The following opinion piece is a guest post and does not necessarily reflect the opinions of this publication. Read more about MediaShift guest posts here.
Public media has known for a while that our polite, cautious journalism is not meeting the needs and preferences of the public we serve. We’ve tried to change, and have had some success, but our overall approach remains largely the same.
Our moment of reckoning has arrived. This election has forced open a myriad questions about who we are as a country, and what we want for our future. Even the “we” is in question. Our newsrooms are straddling the fault lines, being asked by our public to do more than just inform. We are being asked to dig, interpret, validate, censure, bear witness, and above all, be brave.
Now, there’s more at stake than changing audience demographics. The President-elect is crossing political, social, and moral lines without apparent consequence, leaving confusion and fear in his wake. It’s time for fundamental change in our journalism and our relationship with our audiences.
How should public media conduct journalism in the age of Donald Trump? What follows is a framework for considering that question in earnest.
We’re hearing that word a lot these days, and with good reason. Our audiences are concerned that we are too quick to normalize what is abnormal. I share their concern. Our inexorable news cycle, our production habits, and aged models of neutral-sounding reporting are no match for what has arrived.
Even if you are inclined to believe that journalism simply reflects a society’s norms, these times must surely call that into question: Which norms? And what happens when emerging norms collide with basic human and democratic values?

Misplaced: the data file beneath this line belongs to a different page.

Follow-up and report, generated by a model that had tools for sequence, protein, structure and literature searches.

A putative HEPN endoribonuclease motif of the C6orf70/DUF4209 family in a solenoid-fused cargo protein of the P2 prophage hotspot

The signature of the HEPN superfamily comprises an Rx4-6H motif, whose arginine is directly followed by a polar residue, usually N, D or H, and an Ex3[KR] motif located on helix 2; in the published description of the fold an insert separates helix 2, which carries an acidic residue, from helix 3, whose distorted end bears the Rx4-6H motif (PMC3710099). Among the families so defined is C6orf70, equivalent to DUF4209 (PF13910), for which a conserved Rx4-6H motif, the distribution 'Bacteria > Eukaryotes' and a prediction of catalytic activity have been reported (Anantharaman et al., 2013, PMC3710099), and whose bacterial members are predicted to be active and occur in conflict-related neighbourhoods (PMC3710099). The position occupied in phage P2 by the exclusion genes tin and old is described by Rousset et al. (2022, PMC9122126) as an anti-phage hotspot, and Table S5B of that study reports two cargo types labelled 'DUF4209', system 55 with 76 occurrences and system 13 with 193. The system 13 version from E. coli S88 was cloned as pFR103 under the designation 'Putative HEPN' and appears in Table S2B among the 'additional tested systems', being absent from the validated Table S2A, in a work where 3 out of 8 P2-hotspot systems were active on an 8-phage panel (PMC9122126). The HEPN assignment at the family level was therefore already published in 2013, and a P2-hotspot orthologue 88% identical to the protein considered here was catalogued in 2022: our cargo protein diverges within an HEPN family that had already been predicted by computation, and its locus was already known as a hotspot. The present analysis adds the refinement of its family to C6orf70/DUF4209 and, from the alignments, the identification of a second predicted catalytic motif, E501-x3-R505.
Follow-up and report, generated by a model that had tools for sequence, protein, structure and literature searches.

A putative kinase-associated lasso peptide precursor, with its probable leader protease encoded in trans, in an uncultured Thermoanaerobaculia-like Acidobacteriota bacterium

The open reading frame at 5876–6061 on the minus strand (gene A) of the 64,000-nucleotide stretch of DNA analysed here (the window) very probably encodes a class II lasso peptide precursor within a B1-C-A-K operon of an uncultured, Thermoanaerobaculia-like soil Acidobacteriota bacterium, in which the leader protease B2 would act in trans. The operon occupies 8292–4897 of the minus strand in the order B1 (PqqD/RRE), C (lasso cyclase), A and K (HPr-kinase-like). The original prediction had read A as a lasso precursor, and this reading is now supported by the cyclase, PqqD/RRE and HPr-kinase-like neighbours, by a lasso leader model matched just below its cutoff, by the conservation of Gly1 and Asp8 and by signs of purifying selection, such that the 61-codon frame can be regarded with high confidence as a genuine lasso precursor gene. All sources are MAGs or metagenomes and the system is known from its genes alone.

Just before the election, NPR’s Michael Oreskes called on public media to “introduce Americans from different backgrounds and points of view to each other” and to “start showing up in communities where we haven’t been much seen in recent years.” Great ideas that we’ve been discussing for years. Now, it’s time to sound the alarm on a major shift in our politics and culture.
Longtime public media fans are frustrated with our coverage. Our own newsrooms are worried, too. One colleague said to me, in despair: “What is journalism even supposed to be now? We reported the facts, but they didn’t matter.” A station reporter emailed:
“I’m feeling pressure here to push on like DT’s election is not very out of the ordinary, and to wait and see and react, rather than doing the kind of reporting I feel might be more responsible if less common and riskier… My sense is if I push too hard… I’ll get a reputation for being a flaming liberal who can’t be objective… I really wish I had some ethical guidelines for pitching stories under Trump.”
Public media newsrooms need to know where they stand on basic democratic and moral values.
- Where will your newsroom draw the line on what is acceptable?
- How will you cover ideas and language that fall on either side of those lines? What might you choose not to cover at all?
- What is your process for adjusting those lines?
- How will you communicate these lines to your staff and audience?
Draw your lines before they’ve been crossed, so you’re prepared to uphold them deliberately and with courage (it will take courage).
Thanks to this 2012 On The Media interview on acceptable, controversial, and deviant public discourse for inspiring this entire framework.
I know that important conversations are already happening. Great thought pieces are being published every day. Great public media reporting is already happening. Please, share everything here. I would like this framework to inform and advance an ongoing conversation. It is long, but I’m told that one way to “save America from tyranny” is to “spend more time with long articles.”
Norms Under Strain
Plenty of experienced and knowledgeable people are warning that our free and open democracy is in danger. Masha Gessen, a Russian and American journalist who spent much of her career in Putin’s Russia, said on Trumpcast:
“I think we need some sort of pact… and by we, I mean… those of us who are shocked and outraged and are not… arguing ‘let’s give the guy a chance’ and ‘let’s keep an open mind’. I think the pact needs to be something like, let’s take stock of what we have, the current normal, and resist the imposition of a new normal… If we take stock of what we are protecting and have a common understanding of… what we fear being destroyed, then the outrage can be constructive.”